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Simple Gold Hallmark Guide

Welcome to our simple gold hallmark guide. Since writing this article, we’ve now launched our free-to-use gold hallmark identification wizard, which will help you identify the purity and age of most UK hallmarked gold items.

Hallmarking (also called assay or standard marking) is the official quality control mark that determines the purity of gold and other precious metals.

To receive a price quotation using our scrap gold calculator, you’ll need to know the weight and type of gold you have. Fortunately, modern digital kitchen (or postage) scales are very accurate, allowing most customers to gain a relatively accurate indication of the weight of their gold. Identifying the type of gold can be a little more tricky, which of course requires us to read and decipher the hallmark stamped on the item.

For the purposes of explaining the various marks, we’ll use this ring.

22ct gold ring

The first mark we see is the makers mark, telling us who manufactured the item (in this instance, H Samuel).

The next mark we see is a Crown or Gold Standard Mark. This was first introduced in 1798 and can now been seen on all UK hallmarked gold that’s 9, 14 18 and 22ct. The crown also appears on old 12 and 15 carat gold, however this was stopped in 1932.

We now come to the mark that tells us the gold fineness (purity). First, let’s look at the shape stamp. You’ll notice it’s a rectangular shape with the corners shaved off. This again tells us the item is gold. An oval stamp would indicate the item is silver, a ‘house’ shaped mark is used for platinum items and three conjoined ovals denote palladium.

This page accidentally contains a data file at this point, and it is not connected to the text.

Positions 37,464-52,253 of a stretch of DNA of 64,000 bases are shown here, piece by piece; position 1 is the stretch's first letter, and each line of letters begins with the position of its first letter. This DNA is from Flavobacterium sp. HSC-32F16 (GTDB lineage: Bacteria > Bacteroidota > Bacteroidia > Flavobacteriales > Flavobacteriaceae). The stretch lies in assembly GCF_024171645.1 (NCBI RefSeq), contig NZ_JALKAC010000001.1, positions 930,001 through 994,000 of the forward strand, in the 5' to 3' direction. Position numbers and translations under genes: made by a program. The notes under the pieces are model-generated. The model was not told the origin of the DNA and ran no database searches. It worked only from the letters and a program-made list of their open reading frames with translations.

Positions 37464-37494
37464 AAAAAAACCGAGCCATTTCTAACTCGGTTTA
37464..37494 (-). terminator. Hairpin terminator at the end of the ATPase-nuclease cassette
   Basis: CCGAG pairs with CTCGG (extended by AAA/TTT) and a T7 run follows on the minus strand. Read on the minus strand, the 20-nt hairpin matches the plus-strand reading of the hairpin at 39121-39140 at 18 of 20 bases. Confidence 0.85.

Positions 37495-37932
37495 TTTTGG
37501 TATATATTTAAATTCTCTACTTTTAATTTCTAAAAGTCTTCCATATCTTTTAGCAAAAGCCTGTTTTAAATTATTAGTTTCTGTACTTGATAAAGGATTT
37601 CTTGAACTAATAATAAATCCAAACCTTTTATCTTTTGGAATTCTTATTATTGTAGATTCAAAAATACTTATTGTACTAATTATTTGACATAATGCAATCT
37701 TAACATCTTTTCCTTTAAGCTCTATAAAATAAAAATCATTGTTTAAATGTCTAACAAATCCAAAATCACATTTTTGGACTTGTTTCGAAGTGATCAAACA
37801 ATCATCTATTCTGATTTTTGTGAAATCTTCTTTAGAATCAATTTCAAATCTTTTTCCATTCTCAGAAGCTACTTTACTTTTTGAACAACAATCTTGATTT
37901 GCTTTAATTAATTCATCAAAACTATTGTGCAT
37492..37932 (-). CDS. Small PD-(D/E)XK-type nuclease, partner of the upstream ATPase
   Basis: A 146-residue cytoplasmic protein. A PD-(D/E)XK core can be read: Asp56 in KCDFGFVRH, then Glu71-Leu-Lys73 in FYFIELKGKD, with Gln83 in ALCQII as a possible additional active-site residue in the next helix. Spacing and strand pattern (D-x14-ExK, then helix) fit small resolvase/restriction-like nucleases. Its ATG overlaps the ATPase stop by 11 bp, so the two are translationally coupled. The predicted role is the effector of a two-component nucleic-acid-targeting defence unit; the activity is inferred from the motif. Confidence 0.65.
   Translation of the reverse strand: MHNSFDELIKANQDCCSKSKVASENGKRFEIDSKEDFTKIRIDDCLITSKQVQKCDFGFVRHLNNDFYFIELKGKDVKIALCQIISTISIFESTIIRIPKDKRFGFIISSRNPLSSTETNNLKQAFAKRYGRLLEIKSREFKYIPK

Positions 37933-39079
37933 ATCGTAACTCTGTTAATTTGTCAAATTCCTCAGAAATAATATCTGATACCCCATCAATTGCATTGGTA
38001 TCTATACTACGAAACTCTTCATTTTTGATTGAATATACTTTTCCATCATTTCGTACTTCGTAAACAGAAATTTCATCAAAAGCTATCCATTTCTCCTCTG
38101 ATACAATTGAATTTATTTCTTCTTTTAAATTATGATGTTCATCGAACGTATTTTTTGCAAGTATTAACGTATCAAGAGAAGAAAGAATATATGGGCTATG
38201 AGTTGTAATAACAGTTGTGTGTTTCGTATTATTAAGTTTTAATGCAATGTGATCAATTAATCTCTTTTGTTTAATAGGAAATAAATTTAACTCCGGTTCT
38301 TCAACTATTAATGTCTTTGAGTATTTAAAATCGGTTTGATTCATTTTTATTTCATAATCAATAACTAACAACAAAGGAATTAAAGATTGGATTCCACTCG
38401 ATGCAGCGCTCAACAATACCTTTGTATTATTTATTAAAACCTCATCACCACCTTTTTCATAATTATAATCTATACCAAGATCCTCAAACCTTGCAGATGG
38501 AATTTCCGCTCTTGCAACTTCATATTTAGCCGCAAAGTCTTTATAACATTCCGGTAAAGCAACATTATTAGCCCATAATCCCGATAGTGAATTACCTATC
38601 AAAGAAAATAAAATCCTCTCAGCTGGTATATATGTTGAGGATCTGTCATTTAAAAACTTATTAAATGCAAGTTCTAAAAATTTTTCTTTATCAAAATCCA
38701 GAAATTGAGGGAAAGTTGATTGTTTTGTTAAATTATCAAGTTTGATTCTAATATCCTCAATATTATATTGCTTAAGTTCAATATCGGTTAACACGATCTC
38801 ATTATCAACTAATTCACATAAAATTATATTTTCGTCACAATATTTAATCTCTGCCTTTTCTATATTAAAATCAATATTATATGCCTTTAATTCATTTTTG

Millesimal Fineness Mark


The Hallmarking Act 1973 stipulates the use of the above symbols to identify the precious metal. This millesimal stamp number tells us the precious metal content.

It’s worth remembering that other countries have their own hallmarking standards, so the hallmark you see on your gold may well differ. Here is a table of common hallmark fineness stamps:

As our gold ring in the photo was made prior to 1973 (Hallmarking Act), the markings are slightly different, but still easy to understand. In our example, you can see the ’22’ stamp, indicating 22 carat gold.

The next mark tells us which assay office hallmarked the jewellery item. There are 4 assay offices in the UK:

  • Birmingham (Anchor symbol)
  • Sheffield (Rose)
  • London (Leopard)
  • Edinburgh (Castle)

As you can see, this ring was assayed in Birmingham.

The final stamp on our ring is the date stamp which tells us the year this item was tested and certified for fineness. Date identification is outside of the scope of this article, but in this instance, the shape of our letter ‘T’ tells us this ring was hallmarked in 1968.

As you can see, a hallmark can tell us a lot about the item. Providing you can identify the type of gold you have and its weight. you can use our gold calculator to work out the value of your item(s).

If you’d like to delve even deeper into hallmark identification, head on over to our gold hallmark identification wizard.

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January 4th, 2008 63 Comments » Hallmarks |